A guide on how to tell an Australian apart from a New Zealander, courtesy of the UK Independent:
The one thing an Australian hates most - apart, that is, from watching Jonny Wilkinson score a last-minute drop goal to win the 2003 Rugby World Cup final against Australia, in Australia - is being mistaken for a New Zealander.
If England had ever beaten the All Blacks in a Rugby World Cup final, being mistaken for an Australian might be second on a Kiwi's hate list. As it is, it could easily be first.
So how does the innocent, well-intentioned Pom, caught in the crossfire of the battle that is the Wallabies v All Blacks world cup final, tell the two apart?
Given that there are an estimated 58,000 Kiwis living in the UK and some 400,000 Aussies - many of them in south west London, near Twickenham, where the match will be played - the danger of unintentional offence seems great, especially for anyone venturing into a pub where the big match is being shown on television.
The differences may seem obvious to those who hail from the Antipodes. But to the inhabitants of the Home Nations, they can seem baffling.
So here are The Independent's pass notes on how to tell your Aussie from your Kiwi. T
They are published not to antagonise two opposing teams of very big blokes and their supporters. (They seem plenty fired up already, judging by this week's tweet from injured All Blacks playmaker Aaron Cruden: "All Blacks Vs Wallabies!! No love lost there.")
Rather these notes are offered in a spirit of peace and goodwill to all men and women - even the ones from the Southern Hemisphere who have an annoying tendency to beat us at games we invented. And brag about it. Endlessly.
HOW TO SPOT AUSTRALIANS
Large, clean-limbed, athletic.
About half the UK's 400,000 Australians live in London - especially in the SW postcodes.
Forget cork hats, Outback vests and rubber flip-flops. Today's Australians are metropolitan creatures. Look out for slick dressers in gold and green - their team's colours.
Wallabies fans watch their team take on New Zealand during The Rugby Championship in August
Australians like few things better than watching rugby with a drink in hand. But it won't necessarily be Foster's. Wine is huge in Australia now.
hello, cans, and flip-flops, cool box.
g'day, tinnies, thongs, esky.
Again, hold the stereotypes. It's not all 'slipping another shrimp on the barbie'. Australians have celebrity chefs - Bill Granger, Kylie Kwong - and their Pan-Asian cuisine. But, yes, they also like barbecues.
Occasionally unreconstructed - although the Australians Against Wowsers party, formed in 2001 on a ticket of cheap beer, skimpy outfits for barmaids and no speed limits for pick-up trucks was only a fringe party.
Prime Ministers come and go. This week it's Malcolm Turnbull.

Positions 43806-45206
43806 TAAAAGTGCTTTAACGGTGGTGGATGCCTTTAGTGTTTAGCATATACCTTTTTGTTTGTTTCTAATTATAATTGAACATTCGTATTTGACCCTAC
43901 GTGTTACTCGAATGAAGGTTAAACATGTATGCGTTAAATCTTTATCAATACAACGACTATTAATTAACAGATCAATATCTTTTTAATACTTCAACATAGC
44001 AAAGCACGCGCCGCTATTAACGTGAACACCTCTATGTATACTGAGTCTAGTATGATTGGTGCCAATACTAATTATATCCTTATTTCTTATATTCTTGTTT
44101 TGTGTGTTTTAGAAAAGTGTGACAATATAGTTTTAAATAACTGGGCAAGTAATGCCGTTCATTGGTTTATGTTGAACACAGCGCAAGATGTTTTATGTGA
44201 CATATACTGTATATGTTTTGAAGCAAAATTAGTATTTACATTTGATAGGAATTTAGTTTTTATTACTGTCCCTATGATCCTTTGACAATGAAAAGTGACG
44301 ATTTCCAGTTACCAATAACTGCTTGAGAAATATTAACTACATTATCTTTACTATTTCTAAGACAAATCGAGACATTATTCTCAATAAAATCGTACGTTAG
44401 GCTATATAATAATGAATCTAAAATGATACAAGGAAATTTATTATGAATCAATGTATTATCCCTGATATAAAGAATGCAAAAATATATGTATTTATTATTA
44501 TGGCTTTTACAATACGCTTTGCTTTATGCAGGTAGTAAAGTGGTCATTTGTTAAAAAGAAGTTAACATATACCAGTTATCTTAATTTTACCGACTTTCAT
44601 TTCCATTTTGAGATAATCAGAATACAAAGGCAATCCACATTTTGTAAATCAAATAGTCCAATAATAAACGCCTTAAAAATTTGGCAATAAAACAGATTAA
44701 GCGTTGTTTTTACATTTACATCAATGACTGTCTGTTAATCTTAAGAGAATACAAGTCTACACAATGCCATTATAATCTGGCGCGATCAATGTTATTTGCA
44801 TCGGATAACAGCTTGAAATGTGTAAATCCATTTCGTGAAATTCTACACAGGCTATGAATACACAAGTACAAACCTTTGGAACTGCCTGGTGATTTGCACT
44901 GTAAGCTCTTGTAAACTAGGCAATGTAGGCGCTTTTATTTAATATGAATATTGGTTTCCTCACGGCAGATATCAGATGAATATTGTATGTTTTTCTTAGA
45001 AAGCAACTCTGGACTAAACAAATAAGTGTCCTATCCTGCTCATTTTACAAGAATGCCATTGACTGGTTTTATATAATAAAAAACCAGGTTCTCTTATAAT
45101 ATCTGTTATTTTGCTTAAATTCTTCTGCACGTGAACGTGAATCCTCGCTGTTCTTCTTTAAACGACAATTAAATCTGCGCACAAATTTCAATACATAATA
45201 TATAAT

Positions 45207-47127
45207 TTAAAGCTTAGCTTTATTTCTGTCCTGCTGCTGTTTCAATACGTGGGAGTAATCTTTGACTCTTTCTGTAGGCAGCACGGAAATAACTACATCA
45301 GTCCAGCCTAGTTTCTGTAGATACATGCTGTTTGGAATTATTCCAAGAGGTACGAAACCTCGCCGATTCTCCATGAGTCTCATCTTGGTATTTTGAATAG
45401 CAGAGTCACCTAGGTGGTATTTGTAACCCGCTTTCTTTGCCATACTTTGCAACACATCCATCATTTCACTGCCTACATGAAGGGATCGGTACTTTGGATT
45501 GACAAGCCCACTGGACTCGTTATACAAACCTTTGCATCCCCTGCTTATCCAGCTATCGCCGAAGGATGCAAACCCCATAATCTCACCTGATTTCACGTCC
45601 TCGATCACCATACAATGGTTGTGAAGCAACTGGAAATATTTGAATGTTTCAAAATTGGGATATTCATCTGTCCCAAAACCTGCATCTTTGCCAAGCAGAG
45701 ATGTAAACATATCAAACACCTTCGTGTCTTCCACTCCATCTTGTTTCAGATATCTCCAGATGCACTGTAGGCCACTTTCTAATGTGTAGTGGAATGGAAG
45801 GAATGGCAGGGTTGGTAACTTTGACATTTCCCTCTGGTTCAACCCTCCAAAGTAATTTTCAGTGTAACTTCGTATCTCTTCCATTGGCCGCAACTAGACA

Goes back 40,000 years; European settlement followed Captain Cook's arrival in 1770. Remarks about the treatment of the Aborigine population may cause offence, as will jokes about convict ships.
Home of Sydney Opera House, Peter Carey, Uluru (aka Ayers Rock) - and Barry Humphries' belching creation, Sir Les Patterson.
Don 'The Don' Bradman; Ned Kelly, outlaw legend; and The Ocker, archetypal Aussie bloke.
Australians don't dance. They just stand at the bar, swaying.
Aussie goes to New Zealand. Sees a bloke doing something unnatural with a sheep. Tells him "You're supposed to shear it!" The bloke turns round and says "I am not shearing it with anyone!"
HOW TO SPOT NEW ZEALANDERS
Large, clean-limbed, athletic
Getting on for 60,000 New Zealanders live in the UK. Most can be found in London, especially in the west.
The stereotypical Kiwi male favours Stubbies: shorts that have been described as "available mostly in brown and a frighteningly one size too small". Today, however, they'll be wearing any colour - as long as it's black.
New Zealanders like few things better than watching rugby with a drink in hand. The favoured lager is traditionally Speights.
hello, beer bottle, flip-flops and cool box.
Kia ora (Maori), stubby, jandals and chilly bin.
Keen on the hangi, a traditional Maori meal cooked over the course of the day using heated rocks buried in a pit oven. Also partial to a pavlova, a dessert that the New Zealanders (not the Australians) invented.
A pretty liberal bunch. In 1893 New Zealand became the first nation in the world to grant universal, male and female adult suffrage. And the 1840 Treaty of Waitangi gave New Zealand Maori the same rights as British subjects.
Maori legend places the first settlement, by Polynesian navigator Kupe, to about 1,000 years ago. Europeans arrived with Captain Cook in 1769 - before he stopped off in Australia on his way home.
Jane Campion, screenwriter and director for The Piano; Russell Crowe, who's not Australian, despite what many people think, and Peter Jackson, filmmaker, who's also not Australian.
Any All-Black player.
Kiwi going to Australia gets stopped by border protection and asked if he has a criminal record. Tells them: "I didn't know it was still an entry requirement."
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